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09-14-2009, 08:57 PM #1Questions and concerns (for the JB community)
First, lest this sounds like a whiny complaint-fest on my part, I would like to start off by publicly thanking everybody who has worked so hard these past couple years to ensure the freedom of iPhone users everywhere. That includes the iPhone Dev Team and all its members and associates (especially MuscleNerd and Saurik who have both taken time to respond to me personally in other contexts in times past), Chronic Dev, Geohot, and so on. You all rock.
Also, Saurik, your blog post on your SHSH database and iTunes restore proxy service was incredibly well-written and informative. Thank you for taking the time to not only explain the issues, but also to do something active about it for the community.
That said, I still have questions. :-)
Although, before that, I first thought of a potential problem with the SHSH proxy server solution that I thought I would raise, although I don't think it is a problem without a solution itself. It occurred to me that Apple, when processing warranty claims, could run the ECID of a phone being returned to them through this publicly-accessible database, and see if there is an ECID SHSH bundle on file with it for versions of the OS other than the most current public release. It's easy to test: try to restore to an earlier version using Saurik's server (or even write an application that simulates a restore to an earlier version for a given ECID, asking Saurik's server for the bundles of a few known-vulnerable-to-jailbreaking past OS releases for that ECID). If they get a hit, they could just as easily deny warranty service to that phone as they could to a phone that arrived still-jailbroken. It would almost be as good as if they got a confession out of you. So I wonder if maybe future versions of the SHSH proxy could have a mechanism introduced to them which would allow you to tell the proxy server to answer requests for your ECID in the negative until you authenticate yourself to it through some other mechanism (a web site where you used a registered username and password?), which would then give you a small (30-minute, say?) window of time to conduct a restore from the same IP address that you authenticated yourself from.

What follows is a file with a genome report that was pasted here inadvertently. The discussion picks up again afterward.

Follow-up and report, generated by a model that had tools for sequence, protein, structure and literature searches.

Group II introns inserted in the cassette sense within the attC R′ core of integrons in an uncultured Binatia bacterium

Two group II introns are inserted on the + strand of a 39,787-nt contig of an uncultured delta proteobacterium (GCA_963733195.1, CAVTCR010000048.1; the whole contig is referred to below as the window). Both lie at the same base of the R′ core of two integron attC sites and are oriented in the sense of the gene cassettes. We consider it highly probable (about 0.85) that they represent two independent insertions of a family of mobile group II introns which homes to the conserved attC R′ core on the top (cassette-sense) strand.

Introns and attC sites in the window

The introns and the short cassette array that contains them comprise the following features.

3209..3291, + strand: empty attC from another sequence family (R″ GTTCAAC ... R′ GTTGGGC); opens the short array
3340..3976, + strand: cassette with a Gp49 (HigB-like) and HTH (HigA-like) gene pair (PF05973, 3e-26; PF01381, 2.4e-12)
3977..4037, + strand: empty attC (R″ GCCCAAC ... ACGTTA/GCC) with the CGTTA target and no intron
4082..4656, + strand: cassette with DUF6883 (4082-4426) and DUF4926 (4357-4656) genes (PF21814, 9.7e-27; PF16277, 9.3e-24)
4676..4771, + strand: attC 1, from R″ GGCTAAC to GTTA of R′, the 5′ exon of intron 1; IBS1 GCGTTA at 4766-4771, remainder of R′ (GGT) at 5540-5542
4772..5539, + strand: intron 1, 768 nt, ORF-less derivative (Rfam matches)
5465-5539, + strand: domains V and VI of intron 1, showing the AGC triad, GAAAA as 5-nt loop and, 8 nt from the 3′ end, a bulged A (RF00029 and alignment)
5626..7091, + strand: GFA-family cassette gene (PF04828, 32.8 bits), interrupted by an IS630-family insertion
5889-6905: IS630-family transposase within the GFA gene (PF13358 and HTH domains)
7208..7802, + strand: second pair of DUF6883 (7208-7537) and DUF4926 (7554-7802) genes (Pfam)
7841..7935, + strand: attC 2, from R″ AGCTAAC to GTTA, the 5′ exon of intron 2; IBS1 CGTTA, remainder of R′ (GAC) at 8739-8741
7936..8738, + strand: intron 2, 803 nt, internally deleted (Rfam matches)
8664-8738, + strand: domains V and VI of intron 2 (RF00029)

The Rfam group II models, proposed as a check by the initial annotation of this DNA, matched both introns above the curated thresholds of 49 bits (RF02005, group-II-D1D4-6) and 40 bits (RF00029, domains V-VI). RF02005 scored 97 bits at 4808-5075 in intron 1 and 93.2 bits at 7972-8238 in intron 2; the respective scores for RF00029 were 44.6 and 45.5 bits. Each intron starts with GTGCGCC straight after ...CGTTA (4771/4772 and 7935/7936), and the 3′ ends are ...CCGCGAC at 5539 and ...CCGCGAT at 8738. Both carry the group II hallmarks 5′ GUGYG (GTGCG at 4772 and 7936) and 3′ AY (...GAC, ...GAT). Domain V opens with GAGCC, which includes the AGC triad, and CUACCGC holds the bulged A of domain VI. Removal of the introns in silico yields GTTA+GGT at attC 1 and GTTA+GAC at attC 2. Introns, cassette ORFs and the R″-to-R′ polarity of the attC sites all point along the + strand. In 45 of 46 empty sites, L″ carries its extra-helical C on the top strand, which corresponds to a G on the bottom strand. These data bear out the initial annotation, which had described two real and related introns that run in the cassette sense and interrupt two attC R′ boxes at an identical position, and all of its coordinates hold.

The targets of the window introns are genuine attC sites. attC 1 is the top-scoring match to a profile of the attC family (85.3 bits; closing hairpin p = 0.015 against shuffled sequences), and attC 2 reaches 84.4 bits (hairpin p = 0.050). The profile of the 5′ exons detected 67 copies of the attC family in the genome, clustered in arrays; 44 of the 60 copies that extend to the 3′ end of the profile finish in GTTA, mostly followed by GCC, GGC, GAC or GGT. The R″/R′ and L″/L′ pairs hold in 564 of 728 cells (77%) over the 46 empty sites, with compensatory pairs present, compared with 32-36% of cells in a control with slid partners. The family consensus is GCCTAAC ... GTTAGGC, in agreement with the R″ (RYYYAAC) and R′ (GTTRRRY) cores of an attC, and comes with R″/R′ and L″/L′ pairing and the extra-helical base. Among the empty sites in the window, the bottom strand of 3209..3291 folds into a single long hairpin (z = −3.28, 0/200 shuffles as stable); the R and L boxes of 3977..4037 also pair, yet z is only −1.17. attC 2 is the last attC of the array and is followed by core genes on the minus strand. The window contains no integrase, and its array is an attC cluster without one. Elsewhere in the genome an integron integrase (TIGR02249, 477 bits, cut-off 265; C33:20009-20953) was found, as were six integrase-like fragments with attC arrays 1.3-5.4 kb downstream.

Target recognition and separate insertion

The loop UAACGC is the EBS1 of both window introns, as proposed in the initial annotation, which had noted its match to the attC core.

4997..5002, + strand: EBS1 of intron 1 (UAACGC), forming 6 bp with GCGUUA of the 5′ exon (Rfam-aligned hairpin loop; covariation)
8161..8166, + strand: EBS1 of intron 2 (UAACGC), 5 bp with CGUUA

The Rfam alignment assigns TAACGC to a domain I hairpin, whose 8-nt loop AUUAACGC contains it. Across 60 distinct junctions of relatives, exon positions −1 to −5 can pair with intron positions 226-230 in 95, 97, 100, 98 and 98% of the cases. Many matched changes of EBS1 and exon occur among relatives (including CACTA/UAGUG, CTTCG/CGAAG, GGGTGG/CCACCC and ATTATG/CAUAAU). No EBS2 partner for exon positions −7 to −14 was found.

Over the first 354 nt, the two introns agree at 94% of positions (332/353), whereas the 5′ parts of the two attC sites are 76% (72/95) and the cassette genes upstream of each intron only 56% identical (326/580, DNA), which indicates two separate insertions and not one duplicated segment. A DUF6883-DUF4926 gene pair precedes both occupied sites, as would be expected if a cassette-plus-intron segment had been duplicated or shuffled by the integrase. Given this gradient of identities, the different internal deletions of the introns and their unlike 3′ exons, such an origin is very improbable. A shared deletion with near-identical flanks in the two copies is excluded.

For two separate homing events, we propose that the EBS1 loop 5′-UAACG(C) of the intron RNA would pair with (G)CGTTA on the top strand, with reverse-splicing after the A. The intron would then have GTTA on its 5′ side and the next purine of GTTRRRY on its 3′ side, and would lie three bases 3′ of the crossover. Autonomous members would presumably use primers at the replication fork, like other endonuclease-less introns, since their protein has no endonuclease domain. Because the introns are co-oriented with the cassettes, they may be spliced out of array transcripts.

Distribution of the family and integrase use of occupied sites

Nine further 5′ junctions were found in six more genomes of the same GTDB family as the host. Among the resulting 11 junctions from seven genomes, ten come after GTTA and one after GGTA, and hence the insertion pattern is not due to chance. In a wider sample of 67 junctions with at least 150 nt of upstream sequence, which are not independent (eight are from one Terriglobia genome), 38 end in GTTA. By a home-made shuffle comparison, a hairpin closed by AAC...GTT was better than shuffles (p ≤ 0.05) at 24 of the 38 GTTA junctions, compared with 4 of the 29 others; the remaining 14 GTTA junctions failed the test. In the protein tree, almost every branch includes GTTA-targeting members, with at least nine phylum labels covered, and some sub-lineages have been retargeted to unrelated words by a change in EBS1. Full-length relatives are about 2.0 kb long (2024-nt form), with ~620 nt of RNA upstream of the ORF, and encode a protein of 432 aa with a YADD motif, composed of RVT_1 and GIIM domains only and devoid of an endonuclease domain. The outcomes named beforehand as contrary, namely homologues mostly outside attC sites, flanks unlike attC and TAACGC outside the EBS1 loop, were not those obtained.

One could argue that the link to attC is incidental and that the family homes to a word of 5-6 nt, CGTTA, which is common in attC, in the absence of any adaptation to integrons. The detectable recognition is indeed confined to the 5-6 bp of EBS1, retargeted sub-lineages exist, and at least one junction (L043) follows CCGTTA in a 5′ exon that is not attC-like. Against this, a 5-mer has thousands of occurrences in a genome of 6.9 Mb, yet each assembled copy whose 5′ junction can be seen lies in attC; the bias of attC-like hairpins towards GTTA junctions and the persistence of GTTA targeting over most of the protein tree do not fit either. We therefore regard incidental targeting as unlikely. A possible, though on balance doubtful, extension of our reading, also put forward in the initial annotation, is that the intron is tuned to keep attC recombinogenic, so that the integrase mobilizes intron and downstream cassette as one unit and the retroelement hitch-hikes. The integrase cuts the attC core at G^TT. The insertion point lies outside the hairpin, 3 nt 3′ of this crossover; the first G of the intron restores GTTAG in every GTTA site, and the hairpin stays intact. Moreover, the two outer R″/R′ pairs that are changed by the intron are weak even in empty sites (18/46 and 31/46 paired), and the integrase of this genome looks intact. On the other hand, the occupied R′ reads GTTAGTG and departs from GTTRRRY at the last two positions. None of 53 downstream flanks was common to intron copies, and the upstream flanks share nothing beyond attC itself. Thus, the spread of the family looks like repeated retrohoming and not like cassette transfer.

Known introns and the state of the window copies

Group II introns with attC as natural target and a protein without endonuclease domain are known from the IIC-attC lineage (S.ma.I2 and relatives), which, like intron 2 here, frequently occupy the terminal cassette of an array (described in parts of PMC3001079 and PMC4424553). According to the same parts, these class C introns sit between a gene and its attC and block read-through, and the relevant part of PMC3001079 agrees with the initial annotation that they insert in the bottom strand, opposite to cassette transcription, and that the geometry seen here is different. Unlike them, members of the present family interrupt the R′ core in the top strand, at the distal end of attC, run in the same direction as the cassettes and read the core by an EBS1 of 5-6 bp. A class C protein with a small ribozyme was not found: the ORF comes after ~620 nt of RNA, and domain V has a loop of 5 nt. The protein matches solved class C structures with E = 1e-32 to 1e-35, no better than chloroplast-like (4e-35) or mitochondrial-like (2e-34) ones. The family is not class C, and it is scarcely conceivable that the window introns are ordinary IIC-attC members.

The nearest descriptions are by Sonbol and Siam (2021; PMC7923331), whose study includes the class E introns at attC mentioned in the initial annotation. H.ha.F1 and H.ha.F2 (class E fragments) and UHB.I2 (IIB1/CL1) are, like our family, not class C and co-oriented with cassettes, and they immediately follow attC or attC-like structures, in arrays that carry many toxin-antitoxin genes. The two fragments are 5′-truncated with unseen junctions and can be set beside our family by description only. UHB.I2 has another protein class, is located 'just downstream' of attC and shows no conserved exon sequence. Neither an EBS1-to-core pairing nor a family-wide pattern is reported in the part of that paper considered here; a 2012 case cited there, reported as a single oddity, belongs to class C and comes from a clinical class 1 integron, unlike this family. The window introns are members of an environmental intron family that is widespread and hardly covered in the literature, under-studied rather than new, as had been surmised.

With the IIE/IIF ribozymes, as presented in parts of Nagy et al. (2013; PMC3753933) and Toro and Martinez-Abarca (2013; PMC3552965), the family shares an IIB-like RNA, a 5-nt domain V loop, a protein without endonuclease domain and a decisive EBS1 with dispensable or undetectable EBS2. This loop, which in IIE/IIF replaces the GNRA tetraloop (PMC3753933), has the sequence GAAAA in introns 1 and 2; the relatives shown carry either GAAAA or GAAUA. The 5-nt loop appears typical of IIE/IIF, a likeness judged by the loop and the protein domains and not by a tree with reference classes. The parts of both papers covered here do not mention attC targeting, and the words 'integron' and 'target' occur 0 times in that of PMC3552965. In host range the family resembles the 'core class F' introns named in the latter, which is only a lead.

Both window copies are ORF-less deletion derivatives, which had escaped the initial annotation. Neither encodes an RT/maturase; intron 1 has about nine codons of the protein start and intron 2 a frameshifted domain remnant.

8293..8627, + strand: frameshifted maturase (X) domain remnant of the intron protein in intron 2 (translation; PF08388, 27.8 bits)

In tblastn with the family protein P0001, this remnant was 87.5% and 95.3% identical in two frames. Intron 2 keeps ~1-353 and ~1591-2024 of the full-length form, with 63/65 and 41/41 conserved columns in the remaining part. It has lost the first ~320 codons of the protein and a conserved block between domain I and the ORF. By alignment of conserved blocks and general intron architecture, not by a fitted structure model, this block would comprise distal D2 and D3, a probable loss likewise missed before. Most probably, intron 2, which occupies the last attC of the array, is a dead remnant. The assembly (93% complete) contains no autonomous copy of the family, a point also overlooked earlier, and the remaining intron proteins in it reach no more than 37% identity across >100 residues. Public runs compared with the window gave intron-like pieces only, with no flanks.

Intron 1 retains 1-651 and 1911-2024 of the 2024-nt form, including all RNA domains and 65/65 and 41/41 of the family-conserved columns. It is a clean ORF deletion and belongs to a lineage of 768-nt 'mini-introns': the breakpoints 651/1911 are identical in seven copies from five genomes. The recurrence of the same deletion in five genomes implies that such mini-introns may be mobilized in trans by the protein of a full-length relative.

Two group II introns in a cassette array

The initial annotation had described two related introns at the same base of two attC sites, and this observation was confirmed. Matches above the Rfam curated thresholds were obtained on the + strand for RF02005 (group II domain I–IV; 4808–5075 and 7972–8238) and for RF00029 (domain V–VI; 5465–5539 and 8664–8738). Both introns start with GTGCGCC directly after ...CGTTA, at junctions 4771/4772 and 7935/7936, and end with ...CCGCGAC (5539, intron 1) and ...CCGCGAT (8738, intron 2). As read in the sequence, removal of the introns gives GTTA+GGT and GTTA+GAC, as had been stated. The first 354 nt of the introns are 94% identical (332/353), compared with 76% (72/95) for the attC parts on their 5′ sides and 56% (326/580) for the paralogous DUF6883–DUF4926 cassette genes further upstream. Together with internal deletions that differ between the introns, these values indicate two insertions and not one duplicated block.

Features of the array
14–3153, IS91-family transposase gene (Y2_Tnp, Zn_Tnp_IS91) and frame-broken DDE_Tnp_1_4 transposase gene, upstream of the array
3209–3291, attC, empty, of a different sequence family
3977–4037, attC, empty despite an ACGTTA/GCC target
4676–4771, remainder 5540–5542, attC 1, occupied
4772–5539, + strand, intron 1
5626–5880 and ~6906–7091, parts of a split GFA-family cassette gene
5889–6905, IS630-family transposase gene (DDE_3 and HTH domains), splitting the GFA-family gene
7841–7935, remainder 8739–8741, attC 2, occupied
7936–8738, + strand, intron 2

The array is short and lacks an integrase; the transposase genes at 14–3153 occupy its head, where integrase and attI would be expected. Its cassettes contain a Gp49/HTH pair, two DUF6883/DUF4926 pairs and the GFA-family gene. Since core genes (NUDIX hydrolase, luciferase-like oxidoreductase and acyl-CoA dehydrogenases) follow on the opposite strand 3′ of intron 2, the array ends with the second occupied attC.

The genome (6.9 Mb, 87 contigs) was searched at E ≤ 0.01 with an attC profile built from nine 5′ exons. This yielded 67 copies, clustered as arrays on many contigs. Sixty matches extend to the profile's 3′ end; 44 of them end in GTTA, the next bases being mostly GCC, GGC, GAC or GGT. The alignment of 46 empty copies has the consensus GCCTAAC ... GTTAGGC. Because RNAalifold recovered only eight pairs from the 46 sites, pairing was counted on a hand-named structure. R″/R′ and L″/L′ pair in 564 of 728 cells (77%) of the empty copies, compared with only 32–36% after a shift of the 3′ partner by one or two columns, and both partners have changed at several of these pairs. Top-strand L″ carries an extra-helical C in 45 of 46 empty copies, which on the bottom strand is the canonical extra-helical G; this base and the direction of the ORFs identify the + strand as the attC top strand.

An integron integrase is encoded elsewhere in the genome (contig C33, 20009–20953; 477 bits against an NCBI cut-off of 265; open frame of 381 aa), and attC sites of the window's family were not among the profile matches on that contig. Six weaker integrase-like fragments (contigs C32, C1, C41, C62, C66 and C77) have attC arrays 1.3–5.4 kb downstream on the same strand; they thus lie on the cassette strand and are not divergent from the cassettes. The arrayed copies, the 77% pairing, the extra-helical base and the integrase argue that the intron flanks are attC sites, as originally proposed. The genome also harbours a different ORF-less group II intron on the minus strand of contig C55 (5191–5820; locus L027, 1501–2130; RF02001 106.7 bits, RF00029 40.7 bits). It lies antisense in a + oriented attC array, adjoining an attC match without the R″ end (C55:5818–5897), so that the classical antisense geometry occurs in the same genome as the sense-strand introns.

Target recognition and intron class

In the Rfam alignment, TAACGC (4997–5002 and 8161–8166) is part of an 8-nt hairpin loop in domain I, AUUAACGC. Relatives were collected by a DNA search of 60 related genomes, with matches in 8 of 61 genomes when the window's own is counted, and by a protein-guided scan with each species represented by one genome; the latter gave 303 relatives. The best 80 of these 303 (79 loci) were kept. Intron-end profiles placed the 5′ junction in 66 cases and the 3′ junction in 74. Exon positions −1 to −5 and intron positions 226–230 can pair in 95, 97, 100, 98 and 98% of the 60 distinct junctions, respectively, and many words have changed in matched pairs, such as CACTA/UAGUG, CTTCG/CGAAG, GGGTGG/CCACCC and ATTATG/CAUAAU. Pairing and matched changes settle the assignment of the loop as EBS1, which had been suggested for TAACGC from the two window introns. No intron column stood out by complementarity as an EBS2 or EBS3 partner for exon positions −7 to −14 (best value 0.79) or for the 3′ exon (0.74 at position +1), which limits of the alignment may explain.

Just a thought!
Anyway, so I am not numbered among those who managed to "accidentally" upgraded their 3GS from 3.0.1 to 3.1, and am not in a state of panic as a result. My phone still works, is still running unlockable baseband firmware, is still happily jailbroken, and I have no desire to upgrade to 3.1 and no pressing need to perform a firmware restore on my phone to solve one software issue or another.